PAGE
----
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Current position of the SSV Corwith Cramer. Click on the vessel to view position history. Use the layer tools, top right, to change the map style or to view data layers. Dates and times use GMT (Greenwich Mean Time).

SEA Currents: SSV Corwith Cramer

Luke Gervase, B-watch, SUNY E.S.F.


Things have been going swimmingly thus far aboard Mama Cramer with my amazing shipmates. After 3 days I already feel the ship is our home… wait, has it been five? It is so easy to lose track of days and time on our watch schedule. I think we are all finally getting into a sleeping schedule and getting adjusted to life on the high seas. The seas have gotten stronger and are making the boat rock quite violently at times. Last night in particular, I was woken up a few times as I was being thrashed into the side of my bunk. The sea sickness has dropped drastically despite the rising swells; we all just needed that adjustment time, myself included.

Brandon O’Brien, C-Watch, Cornell University


Another clear day of sailing aboard the Corwith Cramer! Winds have picked up slightly and the ship has been rocking a bit more today. Stumbling continues, though everyone seems to be swiftly adjusting. Seasickness is on the decline, and science is steadily progressing.

Victoria Young, A-Watch, University of South Carolina


Exciting news on the science front: larval eels and larval spiny lobsters collected in our tows and microbes are starting their data processing! The students have completed two Neuston net tows and our first stacked tow (three nets on one wire!). Students broke out the sextants and practiced some celestial navigation during class today. Watches are trying to learn their lines and sails (9 sails total-4 lower and about 60 lines of about 9 types) by the Line Relay next Tuesday.

Amy Siuda, Chief Scientist


We are sailing under the four lowers!!!! We departed San Juan Harbor at 1800 this evening, after a long day of continued safety training. Now, students have to apply all they learned during the past 24 hours, while the ship moves about under them. We’’re sailing on a starboard tack—- walk on the ‘high’ side. The main salon tables are gimbaled—- don’’t lean on them during meals. The swells are rocking us about—- one hand for you, one hand for the ship.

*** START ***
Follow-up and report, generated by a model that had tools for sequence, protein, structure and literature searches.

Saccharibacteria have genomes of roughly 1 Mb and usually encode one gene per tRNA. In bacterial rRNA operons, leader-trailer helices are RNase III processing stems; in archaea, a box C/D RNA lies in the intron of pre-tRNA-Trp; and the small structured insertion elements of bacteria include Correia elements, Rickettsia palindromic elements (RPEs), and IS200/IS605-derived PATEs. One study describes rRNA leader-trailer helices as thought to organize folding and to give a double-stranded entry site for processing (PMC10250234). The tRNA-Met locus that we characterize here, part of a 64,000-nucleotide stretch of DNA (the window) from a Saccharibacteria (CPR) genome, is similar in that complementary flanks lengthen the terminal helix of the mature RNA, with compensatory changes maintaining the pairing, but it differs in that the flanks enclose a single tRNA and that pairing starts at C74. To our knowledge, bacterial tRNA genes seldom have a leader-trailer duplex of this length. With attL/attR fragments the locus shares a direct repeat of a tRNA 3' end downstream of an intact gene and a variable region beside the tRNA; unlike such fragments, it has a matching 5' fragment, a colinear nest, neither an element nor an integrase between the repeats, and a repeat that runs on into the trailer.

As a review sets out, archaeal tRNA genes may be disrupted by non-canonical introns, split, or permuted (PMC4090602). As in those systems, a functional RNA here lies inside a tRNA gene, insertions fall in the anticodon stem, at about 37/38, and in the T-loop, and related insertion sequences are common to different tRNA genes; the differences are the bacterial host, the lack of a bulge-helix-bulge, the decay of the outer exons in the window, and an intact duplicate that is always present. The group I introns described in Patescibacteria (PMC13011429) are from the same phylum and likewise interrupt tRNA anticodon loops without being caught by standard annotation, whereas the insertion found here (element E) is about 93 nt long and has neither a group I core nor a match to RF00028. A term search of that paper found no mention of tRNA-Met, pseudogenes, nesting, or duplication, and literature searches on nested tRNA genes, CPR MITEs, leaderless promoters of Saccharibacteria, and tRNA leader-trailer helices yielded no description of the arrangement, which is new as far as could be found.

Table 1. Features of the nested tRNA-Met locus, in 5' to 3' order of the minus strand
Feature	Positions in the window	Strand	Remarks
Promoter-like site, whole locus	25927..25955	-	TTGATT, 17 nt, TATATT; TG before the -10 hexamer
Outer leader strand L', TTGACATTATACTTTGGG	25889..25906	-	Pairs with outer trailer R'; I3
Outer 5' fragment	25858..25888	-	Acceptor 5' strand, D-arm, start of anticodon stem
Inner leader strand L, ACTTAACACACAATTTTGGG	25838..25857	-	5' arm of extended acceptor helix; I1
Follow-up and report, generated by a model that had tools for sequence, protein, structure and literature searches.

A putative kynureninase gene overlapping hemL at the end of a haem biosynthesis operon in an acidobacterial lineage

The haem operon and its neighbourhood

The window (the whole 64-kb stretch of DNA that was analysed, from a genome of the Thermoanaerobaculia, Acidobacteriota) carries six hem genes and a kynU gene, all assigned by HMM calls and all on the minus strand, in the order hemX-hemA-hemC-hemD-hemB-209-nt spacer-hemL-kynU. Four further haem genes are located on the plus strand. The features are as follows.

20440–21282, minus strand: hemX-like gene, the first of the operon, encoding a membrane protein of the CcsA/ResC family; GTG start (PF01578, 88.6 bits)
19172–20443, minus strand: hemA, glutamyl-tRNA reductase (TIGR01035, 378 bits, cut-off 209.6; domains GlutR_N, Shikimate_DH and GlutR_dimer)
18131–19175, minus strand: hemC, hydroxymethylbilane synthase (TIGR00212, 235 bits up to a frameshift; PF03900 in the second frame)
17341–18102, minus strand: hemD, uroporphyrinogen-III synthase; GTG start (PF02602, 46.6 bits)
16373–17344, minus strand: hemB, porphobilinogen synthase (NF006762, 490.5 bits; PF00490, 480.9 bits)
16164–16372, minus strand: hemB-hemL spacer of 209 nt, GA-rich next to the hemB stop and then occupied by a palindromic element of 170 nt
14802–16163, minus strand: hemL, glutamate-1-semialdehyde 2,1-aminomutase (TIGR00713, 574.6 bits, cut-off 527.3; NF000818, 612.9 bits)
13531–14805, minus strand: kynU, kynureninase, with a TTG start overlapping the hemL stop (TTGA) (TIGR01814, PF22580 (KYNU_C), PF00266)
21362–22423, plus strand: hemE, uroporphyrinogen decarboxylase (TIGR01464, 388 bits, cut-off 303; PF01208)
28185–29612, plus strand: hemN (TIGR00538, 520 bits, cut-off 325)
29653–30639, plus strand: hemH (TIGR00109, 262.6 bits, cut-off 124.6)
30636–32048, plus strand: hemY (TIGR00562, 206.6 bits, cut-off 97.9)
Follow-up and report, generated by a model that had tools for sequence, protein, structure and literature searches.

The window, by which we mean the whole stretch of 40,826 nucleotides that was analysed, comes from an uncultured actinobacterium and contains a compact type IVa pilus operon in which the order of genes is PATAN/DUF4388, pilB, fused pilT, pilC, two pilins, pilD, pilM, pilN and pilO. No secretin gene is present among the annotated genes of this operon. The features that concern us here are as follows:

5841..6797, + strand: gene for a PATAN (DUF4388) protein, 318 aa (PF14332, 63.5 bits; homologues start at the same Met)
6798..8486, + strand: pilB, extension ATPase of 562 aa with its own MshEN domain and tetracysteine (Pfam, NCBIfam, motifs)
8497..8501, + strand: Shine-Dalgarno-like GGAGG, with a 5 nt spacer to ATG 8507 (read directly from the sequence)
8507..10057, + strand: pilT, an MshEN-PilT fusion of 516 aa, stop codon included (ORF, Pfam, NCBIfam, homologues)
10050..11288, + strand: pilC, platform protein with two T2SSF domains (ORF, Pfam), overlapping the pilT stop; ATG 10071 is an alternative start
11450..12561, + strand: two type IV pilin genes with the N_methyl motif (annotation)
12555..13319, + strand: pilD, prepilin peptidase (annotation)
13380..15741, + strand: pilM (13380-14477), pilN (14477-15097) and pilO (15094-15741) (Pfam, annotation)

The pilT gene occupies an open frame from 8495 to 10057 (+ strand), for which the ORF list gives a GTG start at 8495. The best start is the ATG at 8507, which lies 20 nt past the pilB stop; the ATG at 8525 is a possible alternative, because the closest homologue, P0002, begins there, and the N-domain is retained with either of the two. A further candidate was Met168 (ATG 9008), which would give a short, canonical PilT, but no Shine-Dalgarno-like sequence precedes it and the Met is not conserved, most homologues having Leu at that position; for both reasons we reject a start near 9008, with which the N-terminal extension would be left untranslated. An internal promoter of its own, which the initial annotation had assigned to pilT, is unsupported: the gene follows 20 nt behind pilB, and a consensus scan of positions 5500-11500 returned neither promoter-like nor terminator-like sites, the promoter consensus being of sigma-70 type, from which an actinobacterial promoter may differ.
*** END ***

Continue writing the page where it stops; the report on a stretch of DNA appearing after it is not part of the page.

Jason Quilter, Captain


Greetings from the SSV Corwith Cramer, docked in beautiful San Juan, Puerto Rico. Today is the beginning of a five week voyage for class C-252, SEA Semester: Marine Biodiversity and Conservation. All of our students, visiting scientists and crew are now aboard ship and beginning to settle in to their new home. We will remain alongside the dock tonight while all hands take part in a thorough ship orientation and safety training.

The students of C-252, Marine Biodiversity & Conservation, will join the SSV Corwith Cramer in Puerto Rico by Monday, April 14th. They will end their voyage in Woods Hole, MA.

Craig Marin, Professor of Maritime Studies

Just a few short hours ago, we made our way with all hands on deck into Christiansted Harbor escorted by dolphins playing in our bow wake. The securing of the Corwith Cramer’s dock lines to the pier in Gallows Bay marks the end of our six-week journey that began in a former maritime center of the Spanish Caribbean and continued on to three former English sugar island colonies before we cleared back into United States waters in St. John.

Categories: Corwith Cramer,Ocean Exploration, • Topics: c251  port stops • (0) CommentsPermalink

Meryl Friets


Last full night on board and underway! As the ship(and us) is headed south to St. Croix, students and staff alike are soaking up every last bit of sailing that they can before we dock. As Emily touched upon, these last few days have been a great reflection period for all involved. Last night was the famous “Swizzle” party, which was a barrel of laughs to say the least. All had the chance to get up and perform something of their choice.

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Emily Tradd


Hello everyone! Today has been quite exciting and the night is young! This morning at about 0900 we arrived in Cruz Bay, St. John to clear customs. This meant that everyone had to take a dinghy ride to the island, something I always enjoy! After clearing customs and eating lunch, we had an epic field day to get the Cramer ready for the next group of lucky sailors! This involved not only the usual music and candy but a special pump up from our own Chuck Lea. After field day, the swimming pool was open! I think this is a favorite for everyone on the ship. Jumping off the boat and swimming in this beautiful water was much needed after the cleaning we did today!

Categories: Corwith Cramer,Ocean Exploration, • Topics: science  c251 • (0) CommentsPermalink

Janet Bering, 3rd Assistant Scientist


With just three more nights on board the ship, the marvelous adventure that our voyage has been is coming to a close. This morning we are finishing the last bit of our open water sailing as we head closer to the Virgin Islands. It was great to have a few nights underway in open ocean in between Montserrat and the VI to enjoy! We headed into the Sir Frances Drake Channel at 1300. Sailing through the channel today with an experienced crew was a much different experience than motoring through the channel just a few short weeks ago! We are planning on sailing around until tomorrow morning when we anchor up in St. John.

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